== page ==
November 30, 2023

Ohio legislators recently introduced legislation concerning the E-Verify system. According to the legislators, it would require many employers to utilize the federal program when verifying the work authorization of new hires. Affected employers include contractors and larger companies.

A Look at the Legislation

State Representatives Scott Wiggam and D.J. Swearingen introduced this legislation to the Ohio House of Representatives. Due to the recent introduction, the proposition has yet to receive a bill number. As such, it still awaits an assignment to a House committee.

The bill would require certain employers to use the E-Verify system. This system is maintained by the Department of Homeland Security (DHS) and requires employers to sign up to use it. Employers can use this I-9 management tool with E-Verify integration to quickly incorporate E-Verify in their employment eligibility verification process (Form I-9). It allows them to instantly compare the employee’s I-9 information with records from federal databases electronically.

After comparing the information, the system will inform the employer of the employee’s eligibility to work in the United States. Employers must perform this process within three days of the employee’s starting date. In most cases, the system confirms the employee’s eligibility within seconds.

Requirements with E-Verify

Using E-Verify is voluntary for private employers, excluding contractors for the federal government. However, this bill would change this practice. It would require some employers within Ohio to use E-Verify when verifying new hires’ employment eligibility.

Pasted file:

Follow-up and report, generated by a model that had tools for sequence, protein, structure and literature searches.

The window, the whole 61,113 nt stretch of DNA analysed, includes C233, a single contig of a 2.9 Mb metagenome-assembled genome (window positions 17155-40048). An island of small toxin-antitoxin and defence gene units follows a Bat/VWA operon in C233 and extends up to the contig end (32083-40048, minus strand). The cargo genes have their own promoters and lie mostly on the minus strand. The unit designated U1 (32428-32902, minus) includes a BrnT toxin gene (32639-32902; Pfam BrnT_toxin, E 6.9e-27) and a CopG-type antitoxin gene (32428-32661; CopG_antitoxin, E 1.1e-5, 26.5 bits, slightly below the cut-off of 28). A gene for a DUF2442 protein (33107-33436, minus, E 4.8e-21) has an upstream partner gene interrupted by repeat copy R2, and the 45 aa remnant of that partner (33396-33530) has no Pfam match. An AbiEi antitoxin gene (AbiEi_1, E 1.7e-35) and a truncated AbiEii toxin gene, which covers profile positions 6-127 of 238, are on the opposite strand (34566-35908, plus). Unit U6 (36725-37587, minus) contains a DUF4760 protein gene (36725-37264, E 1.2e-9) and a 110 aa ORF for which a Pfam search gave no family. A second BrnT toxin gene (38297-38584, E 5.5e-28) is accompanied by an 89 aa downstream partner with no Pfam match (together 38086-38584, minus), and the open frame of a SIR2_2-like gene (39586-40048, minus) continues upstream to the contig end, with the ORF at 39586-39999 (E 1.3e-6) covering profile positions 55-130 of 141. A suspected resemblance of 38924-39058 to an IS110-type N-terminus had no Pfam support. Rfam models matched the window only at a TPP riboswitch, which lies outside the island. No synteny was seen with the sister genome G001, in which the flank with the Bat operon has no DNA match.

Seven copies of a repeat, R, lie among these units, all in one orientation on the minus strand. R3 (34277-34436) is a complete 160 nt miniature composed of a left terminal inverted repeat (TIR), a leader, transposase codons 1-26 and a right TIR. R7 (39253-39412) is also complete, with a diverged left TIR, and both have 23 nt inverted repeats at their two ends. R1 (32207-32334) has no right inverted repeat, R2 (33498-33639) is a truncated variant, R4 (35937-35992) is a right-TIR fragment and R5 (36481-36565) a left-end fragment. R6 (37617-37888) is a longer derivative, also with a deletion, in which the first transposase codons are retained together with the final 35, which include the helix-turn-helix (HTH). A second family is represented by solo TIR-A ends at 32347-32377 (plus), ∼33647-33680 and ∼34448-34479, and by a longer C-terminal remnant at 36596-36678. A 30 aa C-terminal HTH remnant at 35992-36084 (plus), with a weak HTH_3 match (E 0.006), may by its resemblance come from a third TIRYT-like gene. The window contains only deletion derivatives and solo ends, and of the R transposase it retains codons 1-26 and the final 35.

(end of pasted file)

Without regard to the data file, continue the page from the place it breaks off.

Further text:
The Ohio House of Representatives also commented on the proposed legislation and its effects. According to their announcement, it would require the following:

  • “All contractors and sub-contractors on public works construction projects [must] use E-Verify for its project workforce;
  • Contractors and subcontractors on all other construction projects [must] use E-Verify for their project workforce, apart from single, double, or triple family residential construction or construction for agricultural purposes and
  • Employers of seventy-five or more employees [must] use E-Verify.”

For Now

After its recent proposal, the unnumbered bill will face several hurdles. Legislators expect it will also undergo some modifications before attaining passage. Regardless of the outcome, employers should consider reviewing their I-9 process. They should ensure that it follows existing regulations.

Unfortunately, the complex regulatory requirements and frequent changes can prove challenging for employers. Due to states ‘ differing needs, it has proven especially difficult for many to ensure compliance with state and federal laws. Utilizing an I-9 management system with E-Verify integration has helped many employers. It offers step-by-step guidance, a fully electronic verification process, and reminders when further action is required.


Information provided here is for educational and informational purposes only and should not constitute as legal advice. We recommend you contact your own legal counsel for any questions regarding your specific practices and compliance with applicable laws.